How to ensure the traditional parts of a best man’s wedding speech are included - tick off our handy checklist of wedding speech essentials! As best man and with a (hopefully)…
Written by Kate Thompson Last updated: May 13, 2015
The best man’s speech can be the highlight of the wedding reception, just make sure it’s memorable for all the right reasons! Here’s your essential list of what to avoid in the best man’s speech, and some top tips on how to make it truly legendary.
Swear words are a definite no-go area. You are likely to have a mixed audience with ages ranging from toddlers to the elderly. Bear in mind that causing offence in your wedding speech lasts forever, preserved on video, in the minds of the guests and the memories of the couple. You will not be popular if the little page boy learns a new four-letter word and the bride’s granny is offended, it’s just not worth the f***ing risk.
Certain subjects are best avoided: race and religion, relatives who refused to attend, the last-minute threat to call off the wedding, that sort of thing. Try to remember the bride and all her family are listening. The last thing they want to hear on the wedding day are stories of his ex, or any strippers or lap dancers who may have been at the stag do. Don’t do it – the bride won’t thank you and nor will the groom. Entertain the guests with amusing stories of your friendship with the groom, and his stag do, just keep it clean.
It’s tempting to have a couple of drinks for Dutch courage before you make your speech, just remember that one or two is enough. If you drink too much, you will not be in full control and could embarrass yourself. Adrenaline can increase the effect of alcohol and the evidence on videos and photos will haunt you forever. Chances are you’ll also slur your words, overstep the mark and include all those lewd jokes you so carefully removed on your 15th re-write. Don’t worry, there’ll be plenty of congratulatory drinks bought for you after your triumph so take a deep breath and save the drinking for after.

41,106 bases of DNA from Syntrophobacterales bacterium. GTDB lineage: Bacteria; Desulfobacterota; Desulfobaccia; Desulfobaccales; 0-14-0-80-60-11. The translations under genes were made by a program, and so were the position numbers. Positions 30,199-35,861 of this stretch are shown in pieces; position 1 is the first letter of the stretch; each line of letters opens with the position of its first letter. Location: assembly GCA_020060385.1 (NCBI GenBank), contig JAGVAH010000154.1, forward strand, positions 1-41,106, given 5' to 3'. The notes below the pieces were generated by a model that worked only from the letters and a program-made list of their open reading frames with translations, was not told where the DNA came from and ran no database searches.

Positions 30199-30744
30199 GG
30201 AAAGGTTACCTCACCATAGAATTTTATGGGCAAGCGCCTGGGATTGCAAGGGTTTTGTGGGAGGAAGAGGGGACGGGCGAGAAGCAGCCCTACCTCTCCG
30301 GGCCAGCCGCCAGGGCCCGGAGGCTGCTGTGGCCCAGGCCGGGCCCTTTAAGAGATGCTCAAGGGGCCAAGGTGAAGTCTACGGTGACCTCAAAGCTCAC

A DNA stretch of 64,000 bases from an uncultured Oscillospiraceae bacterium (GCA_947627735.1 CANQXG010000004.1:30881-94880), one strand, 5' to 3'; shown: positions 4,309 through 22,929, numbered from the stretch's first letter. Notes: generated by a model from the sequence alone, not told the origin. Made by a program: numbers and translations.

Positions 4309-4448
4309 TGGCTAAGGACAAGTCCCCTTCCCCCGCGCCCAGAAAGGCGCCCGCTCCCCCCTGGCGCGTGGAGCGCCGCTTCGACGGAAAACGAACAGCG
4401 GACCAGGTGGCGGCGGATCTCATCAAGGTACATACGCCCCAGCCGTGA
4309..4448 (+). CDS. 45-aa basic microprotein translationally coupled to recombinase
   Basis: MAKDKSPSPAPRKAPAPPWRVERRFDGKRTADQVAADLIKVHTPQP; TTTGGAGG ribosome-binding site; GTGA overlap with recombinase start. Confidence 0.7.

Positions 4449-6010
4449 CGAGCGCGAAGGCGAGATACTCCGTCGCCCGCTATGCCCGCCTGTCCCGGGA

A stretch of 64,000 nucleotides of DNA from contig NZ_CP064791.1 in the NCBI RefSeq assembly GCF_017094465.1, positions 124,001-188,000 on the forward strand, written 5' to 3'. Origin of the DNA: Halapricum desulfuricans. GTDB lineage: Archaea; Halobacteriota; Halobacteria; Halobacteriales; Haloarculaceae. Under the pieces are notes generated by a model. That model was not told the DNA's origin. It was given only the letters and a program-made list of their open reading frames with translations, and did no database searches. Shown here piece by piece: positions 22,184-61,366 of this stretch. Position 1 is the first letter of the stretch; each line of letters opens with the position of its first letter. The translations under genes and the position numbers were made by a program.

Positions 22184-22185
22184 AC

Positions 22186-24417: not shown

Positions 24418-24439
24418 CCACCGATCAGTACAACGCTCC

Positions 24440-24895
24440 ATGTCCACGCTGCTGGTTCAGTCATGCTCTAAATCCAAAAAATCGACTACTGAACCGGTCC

Swallowing your words, mumbling to yourself, speaking too fast or losing your place should all be avoided. When we’re nervous we speak faster, it’s only natural, but it’s important to pace your delivery so everyone can hear what you say. You don’t have to entertain for half an hour; ten minutes is long enough. You need a definite structure: a beginning, a middle and an end, just keep it short and amusing and you will win round any audience.
Try to remember this is one of the few times in life when you can be guaranteed a captive and sympathetic audience. Check early on that everyone can hear you, then speak slowly and clearly and signal jokes by pausing to allow everyone to laugh.
Finish your speech by asking the guests to raise their glasses in a toast to the happy couple, and then sit back and enjoy the rest of the wedding knowing you have made a great speech.